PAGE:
I have multiple users on my machine for various different things I do (classes, work, personal). All of the "users" are me but I want to keep documents and weblinks separate.

I want to share iCal calendars and Mail, making them mutually editable form all parties. Is there a way to do this?

I tried linking the "Mail" library folder and pref's but i upon starting up mail.app it wouldn't use the alias...

am I doing something wrong?

any help would be much appreciated.

_POBS



[ Reply to This | # ]
Sharing everything with multiple users on one machine
Authored by: rvamerongen on Mar 23, '04 06:49:29AM
Hi I just have a question.
I did use,
display dialog "This script resets the Development Volume Folders back to their default settings. "
  & return & return & "Sure, You want to run this Script!"
 & return & " " default button "Cancel" with icon stop 

try
    do shell script "chown -R administrator:admin /Volumes/Development/" password "passw" with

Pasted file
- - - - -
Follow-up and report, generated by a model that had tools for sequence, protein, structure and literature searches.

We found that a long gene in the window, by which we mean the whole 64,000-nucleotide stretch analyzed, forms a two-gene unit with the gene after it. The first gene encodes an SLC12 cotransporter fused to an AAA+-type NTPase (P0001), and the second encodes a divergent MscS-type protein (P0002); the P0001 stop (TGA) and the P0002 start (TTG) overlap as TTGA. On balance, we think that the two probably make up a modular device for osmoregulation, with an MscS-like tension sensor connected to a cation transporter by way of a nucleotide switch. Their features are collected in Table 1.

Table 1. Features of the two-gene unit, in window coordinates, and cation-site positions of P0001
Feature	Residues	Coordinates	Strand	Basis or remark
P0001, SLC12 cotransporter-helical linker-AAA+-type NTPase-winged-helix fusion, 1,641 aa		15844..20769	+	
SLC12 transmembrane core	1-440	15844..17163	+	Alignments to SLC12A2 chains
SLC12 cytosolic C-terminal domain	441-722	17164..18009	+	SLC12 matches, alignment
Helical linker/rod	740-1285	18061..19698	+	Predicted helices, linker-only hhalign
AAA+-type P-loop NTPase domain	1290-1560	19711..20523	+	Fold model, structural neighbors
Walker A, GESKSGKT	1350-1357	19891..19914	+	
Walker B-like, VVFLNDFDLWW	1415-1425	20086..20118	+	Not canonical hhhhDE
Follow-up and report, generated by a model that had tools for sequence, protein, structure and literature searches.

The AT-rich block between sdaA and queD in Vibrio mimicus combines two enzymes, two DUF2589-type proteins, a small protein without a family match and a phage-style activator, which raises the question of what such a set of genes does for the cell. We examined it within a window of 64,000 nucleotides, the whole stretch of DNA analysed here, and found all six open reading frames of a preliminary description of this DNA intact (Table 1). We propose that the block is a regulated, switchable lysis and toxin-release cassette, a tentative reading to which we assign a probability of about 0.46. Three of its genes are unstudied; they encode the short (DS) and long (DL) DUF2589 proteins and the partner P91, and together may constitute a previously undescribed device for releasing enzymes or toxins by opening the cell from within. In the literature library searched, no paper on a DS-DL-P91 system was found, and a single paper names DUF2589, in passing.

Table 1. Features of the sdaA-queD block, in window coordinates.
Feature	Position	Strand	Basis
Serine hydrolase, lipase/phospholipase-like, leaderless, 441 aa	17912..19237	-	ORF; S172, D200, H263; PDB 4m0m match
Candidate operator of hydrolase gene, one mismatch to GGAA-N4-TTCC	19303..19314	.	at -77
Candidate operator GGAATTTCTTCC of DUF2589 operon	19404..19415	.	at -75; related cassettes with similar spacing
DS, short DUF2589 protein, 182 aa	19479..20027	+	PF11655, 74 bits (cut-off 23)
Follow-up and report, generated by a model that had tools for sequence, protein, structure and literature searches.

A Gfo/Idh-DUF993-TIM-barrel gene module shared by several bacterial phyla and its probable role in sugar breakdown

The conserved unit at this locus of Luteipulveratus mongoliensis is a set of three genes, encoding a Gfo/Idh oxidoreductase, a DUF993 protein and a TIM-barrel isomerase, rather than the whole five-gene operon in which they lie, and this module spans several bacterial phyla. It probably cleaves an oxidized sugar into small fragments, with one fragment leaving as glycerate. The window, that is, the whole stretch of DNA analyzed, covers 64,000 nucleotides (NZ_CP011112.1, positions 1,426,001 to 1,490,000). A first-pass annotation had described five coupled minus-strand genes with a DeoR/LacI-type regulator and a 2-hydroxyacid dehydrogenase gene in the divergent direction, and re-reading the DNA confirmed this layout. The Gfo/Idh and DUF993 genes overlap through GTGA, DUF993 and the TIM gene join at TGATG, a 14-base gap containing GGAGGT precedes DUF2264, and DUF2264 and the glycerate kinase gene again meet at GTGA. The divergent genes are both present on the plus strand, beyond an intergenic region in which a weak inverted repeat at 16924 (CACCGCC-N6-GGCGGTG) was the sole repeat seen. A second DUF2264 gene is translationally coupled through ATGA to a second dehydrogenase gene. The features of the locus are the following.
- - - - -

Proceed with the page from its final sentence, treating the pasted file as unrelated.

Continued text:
administrator privileges
end try
instead of two try's, one for the new owner and one for the tmp group.
Is there any problem to do it this way? It saves time!
René

[ Reply to This | # ]
Sharing everything with multiple users on one machine
Authored by: cpragman on Mar 23, '04 09:00:04AM
My wife and I share most documents, Music, and iPhoto library in a similar way. This works for us in 10.2.8 (where all users are members of the "staff" group by default, not sure if 10.3 uses "staff" as the default group). Make a new folder called /Users/shared/staff. Move your ~/iPhoto and ~/iTunes folders there. Put symlinks in your home folder that point to them. Do the same in your spouse/partner's Home folder. Also make a folder for shared documents, such as /Users/shared/staff/documents. Create a shell script (ex., sharenice.sh), to periodically ensure that files are being shared nicely between users. Execute this shellscript hourly using CRON.

chgrp -R staff /Users/shared/staff/*
chmod -R g=rw /Users/shared/staff/*


[ Reply to This | # ]
Sharing everything with multiple users on one machine
Authored by: tobyknows on Dec 17, '11 07:33:15AM

i have read a lot of complex ways to share on macs between users, what i did is went to my docs folder and went to get info and selected everyone and read only ,now if another user goes into hd and clicks docs they can see everything in it, is this a bad way to share, the other ways just seemed a bit comlex



[ Reply to This | # ]